3. Not About Perfect

Within the group of firms who, according to the FCA’s recent review of implementation plans, were demonstrating good practice, there was multiple examples of wide-ranging, structured delivery plans with workstreams addressing the different consumer outcomes, deliverables and milestones for tracking progress. Despite all this good work, these firms have no guarantee that they will have ‘got it right’. However, they have embraced, rather than been hamstrung by, the uncertainty. The ‘mood music’ from the FCA is that implementing CD is not about being perfect. Rather it is about intent, combined with purposeful action designed to improve customer outcomes. It is unlikely even the most forward thinking, well-funded and well- resourced projects will get it 100% right. Life is simply not like that. However, like my previous point, getting started with good intent and purposeful action is better than prevarication or delays in an attempt to develop the perfect implementation.

4. Beware The Post Project Dip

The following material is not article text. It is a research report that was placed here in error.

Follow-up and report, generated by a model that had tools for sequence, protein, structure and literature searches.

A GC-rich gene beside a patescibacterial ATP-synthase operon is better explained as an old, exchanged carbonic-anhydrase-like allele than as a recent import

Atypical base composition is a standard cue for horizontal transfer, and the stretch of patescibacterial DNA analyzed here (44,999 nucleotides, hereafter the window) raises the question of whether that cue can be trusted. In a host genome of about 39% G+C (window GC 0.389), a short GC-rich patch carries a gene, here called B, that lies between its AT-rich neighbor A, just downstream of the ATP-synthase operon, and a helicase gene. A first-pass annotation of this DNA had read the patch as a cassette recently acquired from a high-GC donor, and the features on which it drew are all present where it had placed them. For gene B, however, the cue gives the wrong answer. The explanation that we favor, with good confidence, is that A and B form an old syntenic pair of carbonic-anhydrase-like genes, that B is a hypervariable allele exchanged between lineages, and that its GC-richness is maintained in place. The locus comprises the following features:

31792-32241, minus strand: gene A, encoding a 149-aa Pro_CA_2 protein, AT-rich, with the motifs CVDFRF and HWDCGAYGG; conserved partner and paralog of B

To be honest, my final point is less about what I’m seeing at the moment and more about what I have seen over my thirty years in the industry. In my experience, major transformation programmes like CD are impressive in mobilising and delivering change. However, they disband very quickly after the implementation date, often leaving a trail of unfinished business, i.e. deliverables not achieved because or time or cost overruns. I expect CD will be no different. And because MI is often the last thing to be specified and delivered, it is prone to becoming a piece of work that either gets diluted in its final state or put into the category of ‘phase two’. Whilst this is acceptable in many projects, if MI is in the list of things not fully achieved as CD project teams disband, it risks being a disaster for firms. High quality MI on how firms are delivering better customer outcomes is pivotal to firms’ compliance with CD. Without high quality MI feeding into dashboards, the governance structures set up to monitor firms’ performance will be ‘flying blind’. My advice, therefore, is to get involved in project plans and lobby hard if it looks like MI is at risk of being delivered in full by 31st July.